Achieving Enterprise Sustainability through a Human Rights Strategy
In this timely book, Lee Tavis and Timothy Tavis contend that the values dimension of the actions of multinational firms is becoming increasingly important, given the worldwide integration of economies and peoples. The digital revolution has broadened the reach of globalization and created an informed society that demands higher standards of behavior from the business enterprise; at the same time, multinational corporations have gained power often comparable to that of the nation state, and global society is in need of widely accepted, enduring social and ethical standards. Tavis and Tavis argue that multinational firms must embrace an ethically pro-active stance in their own long-term interests. A strategy of supporting universal human rights, often in partnership with NGOs, offers the greatest potential for success. Values-Based Multinational Management provides an agenda for practical action, with special reference to the United Nations Universal Declaration of Human Rights and the United Nations Global Compact. It informs and addresses the values concerns of multinational business managers. It presents its examples and analyses in a clear and concise manner and will be of use both to practitioners in the business community and students and scholars of business ethics.
Buddhist Reflection on Realizing a More Equitable Global Future
Uses Buddhist philosophy to discuss diversity as a value, one that can contribute to equity in a globalizing world. Diversity matters. Whether in the context of ecosystems, education, the workplace, or politics, diversity is now recognized as a fact and as something to be positively affirmed. But what is the value of diversity? What explains its increasing significance? Valuing Diversity is a groundbreaking response to these questions and to the contemporary global dynamics that make them so salient. Peter D. Hershock examines the changes of the last century to show how the successes of Western-style modernity and industrially-powered markets have, ironically, coupled progressive integration and interdependence with the proliferation of political, economic, social, cultural, and environmental differences. Global predicaments like climate change and persistent wealth inequalities compel recognition that we are in the midst of an era-defining shift from the primacy of the technical to that of the ethical. Yet, neither modern liberalism nor its postmodern critiques have offered the resources needed to address such challenges. Making use of Buddhist and ecological insights, Valuing Diversity develops a qualitatively rich conception of diversity as an emerging value and global relational commons, forwarding an ethics of interdependence and responsive virtuosity that opens prospects for a paradigm shift in our pursuits of equity, freedom, and democratic justice.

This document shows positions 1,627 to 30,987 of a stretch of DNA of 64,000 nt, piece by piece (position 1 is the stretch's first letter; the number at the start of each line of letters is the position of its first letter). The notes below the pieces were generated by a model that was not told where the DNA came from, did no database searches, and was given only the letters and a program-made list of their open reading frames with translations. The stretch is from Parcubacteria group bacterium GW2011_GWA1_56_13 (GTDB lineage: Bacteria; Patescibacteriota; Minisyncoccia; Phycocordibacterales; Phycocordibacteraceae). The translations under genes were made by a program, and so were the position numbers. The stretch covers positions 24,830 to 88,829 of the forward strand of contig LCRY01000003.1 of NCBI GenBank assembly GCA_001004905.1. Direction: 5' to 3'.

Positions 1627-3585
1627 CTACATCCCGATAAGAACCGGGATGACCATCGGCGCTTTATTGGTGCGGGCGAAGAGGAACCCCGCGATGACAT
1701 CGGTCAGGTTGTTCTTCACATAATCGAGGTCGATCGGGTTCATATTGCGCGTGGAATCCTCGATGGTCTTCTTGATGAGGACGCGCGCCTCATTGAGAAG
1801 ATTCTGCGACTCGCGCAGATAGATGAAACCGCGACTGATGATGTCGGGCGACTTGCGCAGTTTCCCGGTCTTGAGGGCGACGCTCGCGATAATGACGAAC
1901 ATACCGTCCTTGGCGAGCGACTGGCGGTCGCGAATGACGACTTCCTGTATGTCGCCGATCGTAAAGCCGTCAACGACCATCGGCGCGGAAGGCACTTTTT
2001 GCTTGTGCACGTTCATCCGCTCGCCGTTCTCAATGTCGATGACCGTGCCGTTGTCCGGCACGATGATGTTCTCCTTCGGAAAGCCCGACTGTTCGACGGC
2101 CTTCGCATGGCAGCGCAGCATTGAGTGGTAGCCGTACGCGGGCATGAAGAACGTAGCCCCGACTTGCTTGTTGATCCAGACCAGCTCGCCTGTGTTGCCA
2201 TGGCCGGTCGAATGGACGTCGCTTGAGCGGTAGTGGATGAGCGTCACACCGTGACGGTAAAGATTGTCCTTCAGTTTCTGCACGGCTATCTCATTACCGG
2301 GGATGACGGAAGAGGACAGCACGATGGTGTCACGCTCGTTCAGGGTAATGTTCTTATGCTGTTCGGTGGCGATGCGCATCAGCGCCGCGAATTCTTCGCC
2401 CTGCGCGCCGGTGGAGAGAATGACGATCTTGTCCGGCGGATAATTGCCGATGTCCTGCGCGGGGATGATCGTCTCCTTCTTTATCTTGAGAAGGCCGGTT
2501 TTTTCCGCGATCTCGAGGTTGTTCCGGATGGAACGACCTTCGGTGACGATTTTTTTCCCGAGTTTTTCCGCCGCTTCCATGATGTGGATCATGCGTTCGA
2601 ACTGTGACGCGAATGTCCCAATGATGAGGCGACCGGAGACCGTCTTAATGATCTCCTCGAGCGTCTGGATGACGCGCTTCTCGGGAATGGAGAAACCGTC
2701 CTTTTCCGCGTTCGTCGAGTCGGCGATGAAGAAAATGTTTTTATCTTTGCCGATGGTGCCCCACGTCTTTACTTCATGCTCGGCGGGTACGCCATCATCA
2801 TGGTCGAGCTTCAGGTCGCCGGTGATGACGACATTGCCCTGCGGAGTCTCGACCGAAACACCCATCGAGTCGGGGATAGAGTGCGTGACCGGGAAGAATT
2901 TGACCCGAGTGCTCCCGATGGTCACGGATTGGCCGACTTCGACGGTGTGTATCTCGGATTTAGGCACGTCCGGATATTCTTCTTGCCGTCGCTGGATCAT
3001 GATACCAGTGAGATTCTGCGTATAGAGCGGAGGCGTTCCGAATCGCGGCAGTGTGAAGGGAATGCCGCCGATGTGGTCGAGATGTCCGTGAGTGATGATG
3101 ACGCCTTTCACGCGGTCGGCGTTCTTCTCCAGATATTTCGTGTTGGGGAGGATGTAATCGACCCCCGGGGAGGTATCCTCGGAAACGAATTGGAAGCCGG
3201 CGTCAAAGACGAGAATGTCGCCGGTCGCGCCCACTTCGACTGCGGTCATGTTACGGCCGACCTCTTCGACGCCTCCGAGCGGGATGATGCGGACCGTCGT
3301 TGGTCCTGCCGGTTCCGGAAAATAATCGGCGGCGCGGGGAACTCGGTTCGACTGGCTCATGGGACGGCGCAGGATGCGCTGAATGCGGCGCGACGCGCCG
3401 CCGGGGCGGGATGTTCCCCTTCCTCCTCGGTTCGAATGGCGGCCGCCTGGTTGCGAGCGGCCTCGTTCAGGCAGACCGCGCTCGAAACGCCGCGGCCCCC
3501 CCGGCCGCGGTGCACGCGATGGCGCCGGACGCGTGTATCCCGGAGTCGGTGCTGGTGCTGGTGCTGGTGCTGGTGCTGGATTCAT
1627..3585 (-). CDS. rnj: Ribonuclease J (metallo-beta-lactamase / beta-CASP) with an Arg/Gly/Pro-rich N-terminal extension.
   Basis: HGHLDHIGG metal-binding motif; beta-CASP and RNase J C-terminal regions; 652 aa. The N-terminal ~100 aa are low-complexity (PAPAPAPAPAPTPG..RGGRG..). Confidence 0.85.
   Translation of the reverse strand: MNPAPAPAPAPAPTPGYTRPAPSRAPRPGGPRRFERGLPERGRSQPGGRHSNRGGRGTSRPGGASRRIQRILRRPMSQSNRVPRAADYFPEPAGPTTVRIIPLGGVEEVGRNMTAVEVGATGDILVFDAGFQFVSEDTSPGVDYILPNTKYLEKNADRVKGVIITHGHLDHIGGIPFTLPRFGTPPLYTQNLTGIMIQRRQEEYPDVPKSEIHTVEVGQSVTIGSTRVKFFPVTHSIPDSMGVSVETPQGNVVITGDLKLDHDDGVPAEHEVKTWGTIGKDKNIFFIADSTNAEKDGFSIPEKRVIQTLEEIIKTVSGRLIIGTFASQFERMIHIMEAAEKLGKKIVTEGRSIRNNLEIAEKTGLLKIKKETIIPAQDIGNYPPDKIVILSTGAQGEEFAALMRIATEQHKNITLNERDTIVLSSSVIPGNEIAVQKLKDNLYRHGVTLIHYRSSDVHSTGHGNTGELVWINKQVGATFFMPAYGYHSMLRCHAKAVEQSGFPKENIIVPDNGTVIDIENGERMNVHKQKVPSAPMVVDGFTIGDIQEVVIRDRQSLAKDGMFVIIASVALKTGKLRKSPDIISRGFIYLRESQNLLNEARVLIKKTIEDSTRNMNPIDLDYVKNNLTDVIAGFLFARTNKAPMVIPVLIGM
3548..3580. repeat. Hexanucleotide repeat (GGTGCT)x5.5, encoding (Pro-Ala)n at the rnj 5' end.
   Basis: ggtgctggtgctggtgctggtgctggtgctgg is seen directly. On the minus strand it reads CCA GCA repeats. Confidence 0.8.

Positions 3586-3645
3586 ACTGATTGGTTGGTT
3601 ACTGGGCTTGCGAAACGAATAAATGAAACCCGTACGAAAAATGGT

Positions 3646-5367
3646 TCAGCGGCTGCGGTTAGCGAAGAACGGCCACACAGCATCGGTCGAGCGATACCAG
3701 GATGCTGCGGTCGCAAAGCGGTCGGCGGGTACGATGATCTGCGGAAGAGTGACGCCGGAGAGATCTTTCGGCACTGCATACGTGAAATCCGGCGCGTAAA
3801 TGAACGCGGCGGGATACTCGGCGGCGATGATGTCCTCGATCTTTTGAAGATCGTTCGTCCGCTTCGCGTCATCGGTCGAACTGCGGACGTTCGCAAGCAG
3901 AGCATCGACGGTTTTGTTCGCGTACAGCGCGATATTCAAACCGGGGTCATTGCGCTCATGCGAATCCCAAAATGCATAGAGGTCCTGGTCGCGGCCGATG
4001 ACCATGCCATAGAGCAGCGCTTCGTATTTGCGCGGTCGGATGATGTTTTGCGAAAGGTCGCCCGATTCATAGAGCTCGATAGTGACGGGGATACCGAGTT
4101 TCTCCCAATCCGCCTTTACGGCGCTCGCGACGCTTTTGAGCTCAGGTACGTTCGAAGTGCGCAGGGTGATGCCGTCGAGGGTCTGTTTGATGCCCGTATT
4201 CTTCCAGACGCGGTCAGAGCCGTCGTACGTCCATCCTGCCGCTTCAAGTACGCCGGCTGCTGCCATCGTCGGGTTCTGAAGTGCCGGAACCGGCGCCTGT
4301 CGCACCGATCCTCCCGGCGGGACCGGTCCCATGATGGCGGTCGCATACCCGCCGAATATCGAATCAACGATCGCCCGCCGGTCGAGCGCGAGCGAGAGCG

Feminist Pedagogy and Economics
A basic knowledge of economics is critical for making informed decisions in today's world. By offering courses and materials that are more relevant to our students' lives and encouraging more active participation in the discovery of economic concepts and theories, we promote the development of informed citizens. This volume collects pioneering work on the integration of feminist pedagogy in economics. Part 1 introduces a vision of feminist pedagogy, explains the importance of developing feminist pedagogy in economics, and proposes a model for achieving feminist pedagogy in economics that suggests changes in both course content and teaching methods. Part 2 reveals how current course content is narrowly defined and demonstrates how content can be altered to be more inclusive. Included are an analysis of current textbook treatments and examples of broadening discussions of labor supply models, U.S. poverty, and stereotyping, as well as general overviews of macro- and microeconomic courses. Part 3 reports on current disparities in economics education by gender and provides alternative teaching strategies for correcting this problem, including the service learning, peer review, e-mail discussion lists, case studies, internships, and collaborative learning. The contributors incorporate their vision of a new pedagogy with important economic concepts emphasizing equity as well as efficiency, cooperation as well as competition, and inter-dependence as well as independence. The volume will be a valuable resource for college faculty teaching economics in the United States, as well as to those teaching in related disciplines who want to design exercises that promote a more inclusive classroom environment through changes in both content and teaching methods. April Laskey Aerni is Associate Professor of Economics, Nazareth College of Rochester. KimMarie McGoldrick is Associate Professor of Economics, University of Richmond.